Nefarious Bitcoin Dealings

    Of course, there have been ventures in the cryptocurrency space that have almost ruined its reputation. Who can forget the notorious Silk Road bust? This was an online marketplace for drugs and Bitcoin was its lifeblood. It was shut down by the U.S. Justice Department in 2013, and its creator, Ross Ulbricht, was jailed for life. In 2017, the department claimed the proceeds from the sale of 144,336 Bitcoins, valued at over $48 million.

    In more recent times, Floridian, Anthony Murgio, was sentenced to five and half years for operating a Bitcoin exchange connected to hackers. This was used to launder more than $10 million worth of funds. In addition to these cases, illegal operations involving Bitcoin have been detected in other parts of the world, including Russia and Malaysia.

    So What’s the Big Deal About Anonymity?

    Although we can understand the need some people have for financial privacy, for the majority of users in the cryptocurrency space anonymity is not such a big deal. Well, it’s not their overriding consideration when choosing a cryptocurrency. Can you think of any non-nefarious uses that demand anonymity?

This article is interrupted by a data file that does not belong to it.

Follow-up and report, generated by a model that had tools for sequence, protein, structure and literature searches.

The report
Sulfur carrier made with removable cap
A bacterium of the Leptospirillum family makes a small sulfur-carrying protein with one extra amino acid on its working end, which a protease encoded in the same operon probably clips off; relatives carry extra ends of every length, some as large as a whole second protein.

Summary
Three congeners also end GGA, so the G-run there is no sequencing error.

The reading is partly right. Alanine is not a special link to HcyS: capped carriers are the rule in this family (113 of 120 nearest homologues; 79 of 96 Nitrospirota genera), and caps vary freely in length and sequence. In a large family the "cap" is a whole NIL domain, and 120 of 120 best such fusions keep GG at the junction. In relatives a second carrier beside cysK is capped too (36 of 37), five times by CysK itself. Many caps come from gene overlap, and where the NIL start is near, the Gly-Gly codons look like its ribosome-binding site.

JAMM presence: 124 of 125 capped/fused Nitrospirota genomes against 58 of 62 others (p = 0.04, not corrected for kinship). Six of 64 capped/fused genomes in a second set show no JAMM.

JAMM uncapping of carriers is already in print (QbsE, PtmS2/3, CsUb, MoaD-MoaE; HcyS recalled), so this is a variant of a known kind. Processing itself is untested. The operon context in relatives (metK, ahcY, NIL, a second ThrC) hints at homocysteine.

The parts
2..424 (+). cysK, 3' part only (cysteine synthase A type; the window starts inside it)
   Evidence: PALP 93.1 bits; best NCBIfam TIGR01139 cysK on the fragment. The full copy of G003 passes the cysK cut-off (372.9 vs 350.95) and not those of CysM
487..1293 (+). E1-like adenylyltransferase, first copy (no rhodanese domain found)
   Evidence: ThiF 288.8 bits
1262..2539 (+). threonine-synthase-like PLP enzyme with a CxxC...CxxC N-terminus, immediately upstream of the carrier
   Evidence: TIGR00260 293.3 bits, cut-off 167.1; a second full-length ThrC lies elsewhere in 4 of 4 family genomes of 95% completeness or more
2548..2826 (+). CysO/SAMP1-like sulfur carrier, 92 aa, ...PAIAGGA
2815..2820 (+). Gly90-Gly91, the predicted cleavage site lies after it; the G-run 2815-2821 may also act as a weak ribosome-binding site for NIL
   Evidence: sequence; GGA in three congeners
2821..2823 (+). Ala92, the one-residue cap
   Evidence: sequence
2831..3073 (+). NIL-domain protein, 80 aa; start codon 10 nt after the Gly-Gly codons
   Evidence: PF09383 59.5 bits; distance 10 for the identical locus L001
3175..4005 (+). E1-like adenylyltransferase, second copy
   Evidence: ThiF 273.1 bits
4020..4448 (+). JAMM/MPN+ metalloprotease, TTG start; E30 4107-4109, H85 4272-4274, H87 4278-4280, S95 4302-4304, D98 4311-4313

Whether you’re particular about anonymity or not, please, please, please, before you invest in a digital asset, I implore you to check some of your core assumptions about how it works. Digital currencies are very exciting, and many of us believe that this is just the beginning of something really special. That’s all the more reason to be judicious, thoughtful and measured when making investments in this space.



    Emma Avon, Coincodex, 2017. https://coincodex.com/article/66/top-5-cryptocurrencies-for-anonymity/

    Sudhir Khatwani, Coinsutra, 2018. https://coinsutra.com/anonymous-bitcoin-transactions/

    Rishav Chatterjee, ResearchGate, 2017. https://www.researchgate.net/publication/320755472_Anonymity_and_the_Obfuscation_Issues_in_the_Cryptographic_Currency_Bitcoin

    Masterthecrypto. https://masterthecrypto.com/privacy-coins-anonymous-cryptocurrencies/

    Reuben Yap, Zcoin, 2017. https://zcoin.io/the-difference-between-privacy-on-the-blockchain-and-hiding-your-ip-address/

    J P Buntinx, Digital Money Times, 2014. http://digitalmoneytimes.com/cryptocurrency-open-ledger-vs-anonymity-obfuscation/

    Andrew Norry, Blockonomi, 2017. https://blockonomi.com/history-of-silk-road/

    Benjamin Vitaris, Bitcoin Magazine, 2017. https://bitcoinmagazine.com/articles/operator-illegal-bitcoin-exchange-coinmx-sentenced-prison/